Conventional alternation of generations

The phenomena of apogamy and apospory, although easily induced and in some taxa the norm, have little impact on alternation of generations in the vast majority of lycophytes and ferns. The life cycle shown in Figure 2.2 shows the structures more conventionally concerned with alternation of generations in bracken fern, and which we can use as the basis of a consideration of the process in non-apogamous lycophytes and ferns. The reason for choosing bracken is that we know more about this fern...

Obligate apogamy

Dryopteris affinis ssp. affinis needs no prompting to generate sporophytes apogamously, but we know that their induction is stimulated by auxins and gibberellins (Menendez et al., 2006). In common with many other apogamous species, this taxon is widely distributed and very successful. Bommeria pedata, for example, has a considerably more extensive distribution than most of its sexually reproducing congeners (Gastony and Haufler, 1976). It is usually held that the reason for this success is that...

Induction of chloroplast movement

When part of a long protonemal cell (Yatsuhashi et al., 1985) or a two-dimensional gametophyte (Kagawa and Wada, 1994) was irradiated with a red or blue light microbeam (either slit, spot, or rectangular in shape, from a few micrometers to 10 or 15 m in diameter) at a weak fluence rate (e.g., 1 W m-2), chloroplasts outside the beam moved towards the light irradiated area. When the fluence rate of blue light was increased above 10 W m-2, chloroplasts moved away from the beam. Red light does not...

Spore release and dispersal

Discuss The Spore Dispersal Ferns

Once spores have been formed, it stands to reason that they can only effect the next stage in the alternation process if they are released, dispersed, and alight somewhere conducive to germination and gametophyte growth. This presents a huge challenge for propagules that lack vectors which target such sites (cf. flowering plants with insect pollinators). There is scant evidence for productive interactions between animal vectors and fern spores, but very little study of this seems to have been...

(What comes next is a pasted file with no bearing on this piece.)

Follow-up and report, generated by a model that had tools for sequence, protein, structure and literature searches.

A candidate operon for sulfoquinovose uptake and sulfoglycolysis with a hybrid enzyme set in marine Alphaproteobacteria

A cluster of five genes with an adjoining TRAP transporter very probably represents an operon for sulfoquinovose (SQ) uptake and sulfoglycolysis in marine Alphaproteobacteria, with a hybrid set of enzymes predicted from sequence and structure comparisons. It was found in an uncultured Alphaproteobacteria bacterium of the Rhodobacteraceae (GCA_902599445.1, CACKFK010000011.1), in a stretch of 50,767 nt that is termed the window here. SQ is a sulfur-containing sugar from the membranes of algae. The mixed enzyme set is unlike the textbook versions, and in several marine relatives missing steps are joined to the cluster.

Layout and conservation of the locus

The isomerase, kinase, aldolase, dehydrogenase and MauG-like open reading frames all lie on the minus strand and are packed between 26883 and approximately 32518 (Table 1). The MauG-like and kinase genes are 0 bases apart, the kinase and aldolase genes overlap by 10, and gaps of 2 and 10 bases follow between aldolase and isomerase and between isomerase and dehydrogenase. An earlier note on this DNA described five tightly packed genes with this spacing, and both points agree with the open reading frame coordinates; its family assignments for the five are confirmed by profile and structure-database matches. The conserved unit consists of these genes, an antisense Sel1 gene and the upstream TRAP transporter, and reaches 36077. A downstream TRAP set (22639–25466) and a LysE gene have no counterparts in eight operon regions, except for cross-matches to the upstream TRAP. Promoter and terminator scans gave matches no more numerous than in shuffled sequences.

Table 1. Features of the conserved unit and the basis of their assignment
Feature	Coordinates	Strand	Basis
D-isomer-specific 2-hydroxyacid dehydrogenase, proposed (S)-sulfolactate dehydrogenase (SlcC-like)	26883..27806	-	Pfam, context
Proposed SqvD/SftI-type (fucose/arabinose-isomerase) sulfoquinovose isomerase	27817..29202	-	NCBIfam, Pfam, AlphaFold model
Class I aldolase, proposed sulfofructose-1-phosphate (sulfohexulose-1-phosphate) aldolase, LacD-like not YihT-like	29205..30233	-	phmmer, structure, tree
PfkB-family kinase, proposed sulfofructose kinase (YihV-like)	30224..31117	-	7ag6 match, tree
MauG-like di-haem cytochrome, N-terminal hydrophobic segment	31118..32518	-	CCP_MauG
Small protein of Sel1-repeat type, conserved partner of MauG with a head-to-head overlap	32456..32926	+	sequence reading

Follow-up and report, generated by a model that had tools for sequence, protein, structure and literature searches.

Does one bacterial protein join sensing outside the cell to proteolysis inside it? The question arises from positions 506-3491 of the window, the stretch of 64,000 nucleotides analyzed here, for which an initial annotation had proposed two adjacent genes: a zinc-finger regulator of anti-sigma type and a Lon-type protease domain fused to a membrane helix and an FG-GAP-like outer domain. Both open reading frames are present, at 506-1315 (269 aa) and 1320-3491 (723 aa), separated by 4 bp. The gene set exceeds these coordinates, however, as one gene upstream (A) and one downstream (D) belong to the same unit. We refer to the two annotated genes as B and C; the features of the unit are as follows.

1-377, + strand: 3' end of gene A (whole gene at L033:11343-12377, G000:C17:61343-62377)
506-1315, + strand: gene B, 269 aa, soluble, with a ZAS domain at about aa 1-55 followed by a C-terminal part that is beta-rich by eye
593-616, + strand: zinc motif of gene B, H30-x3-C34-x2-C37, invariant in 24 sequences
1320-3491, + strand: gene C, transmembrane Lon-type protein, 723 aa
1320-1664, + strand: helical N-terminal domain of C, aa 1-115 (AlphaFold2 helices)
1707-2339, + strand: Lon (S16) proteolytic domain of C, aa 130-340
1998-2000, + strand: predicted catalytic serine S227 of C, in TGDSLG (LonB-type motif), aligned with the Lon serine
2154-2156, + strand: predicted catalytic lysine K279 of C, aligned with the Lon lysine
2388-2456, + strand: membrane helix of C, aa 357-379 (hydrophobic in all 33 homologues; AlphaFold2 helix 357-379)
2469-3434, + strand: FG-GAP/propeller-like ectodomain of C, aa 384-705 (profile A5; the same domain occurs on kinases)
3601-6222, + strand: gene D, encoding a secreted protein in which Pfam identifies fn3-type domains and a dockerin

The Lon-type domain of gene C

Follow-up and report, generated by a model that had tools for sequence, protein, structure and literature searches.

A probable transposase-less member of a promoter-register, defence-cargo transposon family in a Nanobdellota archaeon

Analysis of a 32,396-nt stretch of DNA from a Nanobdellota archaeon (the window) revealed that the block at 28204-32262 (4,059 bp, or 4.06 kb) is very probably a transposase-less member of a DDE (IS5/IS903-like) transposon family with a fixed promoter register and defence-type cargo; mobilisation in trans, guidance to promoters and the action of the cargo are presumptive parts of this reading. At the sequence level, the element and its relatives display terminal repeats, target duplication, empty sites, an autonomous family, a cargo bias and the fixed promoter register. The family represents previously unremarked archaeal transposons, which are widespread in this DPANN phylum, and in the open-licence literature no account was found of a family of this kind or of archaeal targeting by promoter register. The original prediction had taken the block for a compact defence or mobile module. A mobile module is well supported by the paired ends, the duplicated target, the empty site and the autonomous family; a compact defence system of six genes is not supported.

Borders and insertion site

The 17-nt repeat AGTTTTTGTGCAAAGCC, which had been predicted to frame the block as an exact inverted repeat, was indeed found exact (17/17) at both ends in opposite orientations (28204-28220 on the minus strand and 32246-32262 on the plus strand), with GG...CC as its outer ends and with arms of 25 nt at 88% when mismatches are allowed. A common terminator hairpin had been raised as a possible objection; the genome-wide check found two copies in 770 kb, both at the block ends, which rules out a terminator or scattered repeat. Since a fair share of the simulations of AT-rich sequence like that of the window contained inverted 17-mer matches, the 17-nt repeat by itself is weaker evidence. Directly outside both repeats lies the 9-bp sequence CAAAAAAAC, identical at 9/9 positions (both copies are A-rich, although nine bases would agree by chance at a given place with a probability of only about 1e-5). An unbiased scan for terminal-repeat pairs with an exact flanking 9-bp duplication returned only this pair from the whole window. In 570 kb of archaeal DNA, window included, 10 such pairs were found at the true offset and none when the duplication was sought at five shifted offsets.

Evolution of roots

Nothing is known about the evolutionary origin of roots. Recent molecular genetics shows that angiosperm RAMs and SAMs are controlled by similar mechanisms to maintain stem cell populations, suggesting that roots may be derived from a developmental program associated with the SAM (references cited in Friedman et al., 2004), but genetic data are lacking for fern and lyco-phyte roots. Roots are similarly endogenous in ferns and lycophytes, regardless of whether they branch endogenously (ferns) or...

Climate change

Responses of ferns and lycophytes to global climate change are difficult to predict and have been little studied. Because spores provide ferns and lyco-phytes with superior long-distance dispersal capabilities, these groups may have an advantage over seed-bearing plants in adapting to climate changes Given, 1993 . However, increased habitat fragmentation, physiological stress, and habitat disturbance may cause local or global extinctions of fern and lycophyte species that are unable to survive...

Restoration

The role of natural disturbances at multiple scales has been important for fern and lycophyte regeneration processes and in maintenance of fern and lycophyte diversity Arens and Baracaldo, 1998 Page, 2002 . Ferns can also dominate degraded sites and impose barriers for tree regeneration by competing for soil moisture, nutrients, and light George and Bazzaz, 1999 Ashton et al., 2001 Slocum et al., 2004 . Slocum et al. 2004 found that clearing fern thickets caused rapid recruitment of woody...

Ex situ banking of spores

In contrast to the ex situ cultivation of whole plants, the banking of spores can preserve thousands of genotypes in much less space than is needed to grow one plant. In many ways similar to seed banking, traditional spore banking is based on the capacity of spores to remain viable through extreme desiccation. Many spores undergo drying in nature when they are dispersed and can survive in that state for from several days to many years, depending on the species. This has formed the basis for the...

Three evolutionary radiations ofhomosporous leptosporangiate ferns

Paleobotanical studies reveal a pattern of leptosporangiate evolution in which there have been three major pulses of evolutionary radiation Rothwell, 1987 . Diversity among the Paleozoic fossils is summarized by Stewart and Rothwell 1993 , whereas the Mesozoic and Cenozoic records of ferns recently have been compiled by Skog 2001 and Collinson 2001 respectively. Pulses of filicalean evolution were first recognized by Lovis 1977 , who concluded correctly that the species richness of filicaleans...